Tuesday, September 10, 2013

Why am I doing this? (or, Why I am doing this.)

It's a very interesting distinction between 'why am I' and 'why I am.'  One is a question to the self by the self, and the other is a response to the self being questioned by someone else.  Strangely, it is in responding to the question that I not only ask it of myself, but learn the answer almost in tandem with my questioner.  It is in answering that I often best hear myself.  It is the act of articulating those loose, generalized thought packages into digestible answers that I often catch myself saying things I didn't realize I was thinking, but that my behavior had suggested all along.  I answer because I, too, want to know the answer.

And in this instance I will ask it of myself, because I really want to know.  Why am I doing this?

I tell people what I believe to be the truth:  First, I want this education.  I have been fascinated by this subject matter all my life and I want to keep learning.  I want to participate in discussion and debate about my ideas without tiring people out who have little interest in what I'm thinking.  I want to hear other peoples' ideas and find the ways in which we are all telling the same story.

Second, I long ago gave myself to a life of service.  I don't even know specifically when it happened.  But as I look back on the past 14 years of attempting to "do well by doing good" in my community and my career, I realized that I had given it in stages without realizing.  There is no other path for me than a life of service. 


I think the moment I realized every path I've ever walked in my life has led me to this trajectory, would be the moment I understood why I have all these different interests in the first place.  They are meant to serve together.  Several years ago I remember thinking that on some level I felt my life was galvanizing together; that the separate trajectories of all my major interests and skill-sets (like religion/spirituality, stained glass, music, carpentry, community building, travel, uncovery, etc.) were going to be useful when combined one day.  I just didn't yet know how (or even know that I would want) to combine them.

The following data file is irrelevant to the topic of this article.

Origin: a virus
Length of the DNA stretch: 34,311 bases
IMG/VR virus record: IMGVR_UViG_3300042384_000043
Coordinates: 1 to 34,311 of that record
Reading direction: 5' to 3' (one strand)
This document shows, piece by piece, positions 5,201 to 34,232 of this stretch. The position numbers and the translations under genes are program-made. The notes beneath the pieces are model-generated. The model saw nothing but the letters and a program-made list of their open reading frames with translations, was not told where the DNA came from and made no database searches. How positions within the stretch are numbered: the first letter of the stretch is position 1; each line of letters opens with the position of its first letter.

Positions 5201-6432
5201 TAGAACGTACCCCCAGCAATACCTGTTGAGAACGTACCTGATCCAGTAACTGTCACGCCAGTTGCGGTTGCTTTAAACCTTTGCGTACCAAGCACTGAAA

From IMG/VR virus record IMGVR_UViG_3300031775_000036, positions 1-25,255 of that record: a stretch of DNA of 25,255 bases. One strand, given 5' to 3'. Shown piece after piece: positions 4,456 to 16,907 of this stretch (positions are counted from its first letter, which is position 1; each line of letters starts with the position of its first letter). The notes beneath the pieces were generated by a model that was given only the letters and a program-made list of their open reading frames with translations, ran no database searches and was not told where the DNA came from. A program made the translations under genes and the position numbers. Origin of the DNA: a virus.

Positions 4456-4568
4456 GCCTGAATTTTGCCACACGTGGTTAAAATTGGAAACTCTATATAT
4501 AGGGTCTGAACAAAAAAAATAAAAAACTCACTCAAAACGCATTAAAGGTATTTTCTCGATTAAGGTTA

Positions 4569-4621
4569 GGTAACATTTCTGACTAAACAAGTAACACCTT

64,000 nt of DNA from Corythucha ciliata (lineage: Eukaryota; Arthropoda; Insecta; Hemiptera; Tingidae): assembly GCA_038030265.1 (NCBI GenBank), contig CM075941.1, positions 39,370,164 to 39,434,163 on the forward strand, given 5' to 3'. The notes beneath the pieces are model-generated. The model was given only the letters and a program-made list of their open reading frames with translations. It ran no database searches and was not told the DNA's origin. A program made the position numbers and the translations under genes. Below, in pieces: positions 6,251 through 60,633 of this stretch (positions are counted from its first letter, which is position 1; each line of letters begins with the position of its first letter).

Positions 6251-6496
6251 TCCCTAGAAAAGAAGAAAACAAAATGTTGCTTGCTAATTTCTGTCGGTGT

On March 16 of this year it occurred to me for the first time that I could be a reverend while retaining my natural irreverency; I didn't have to give up my dreams of being a rock star with a colorful vocabulary who loves to belch simply because I also want to be a minister.  That moment in my minivan that day was a powerful realization, but it was only a micro-epiphany about what to do next. I needed to go to seminary.  But it was not the moment when it all came together in my understanding about how and why they could all fit together in the same person.  How all these disparate parts of myself could exist in the same 21 letters: reverendwildarcangelo. How exactly does one tame a "wild archangel"?  One doesn't.  


I need to accept the previously unacceptable: It's okay for me to be different.  It's okay for me to be a little dangerous.  I need to be able to fit in the places of the world where most people don't want to go or know what to say when they get there.  I needed to know what it's like to be lonely and sick and redeemed.  I needed to know.  I needed to learn that forgiveness of self is the hardest part.  I won't say I have accomplished that one yet, but it is on my bucket list. ;-)


By the way, that magical moment when I finally realized it was all supposed to work together occurred right where you see the *asterisk above.  I had hoped I would learn the answer in the answering.  And so I did.

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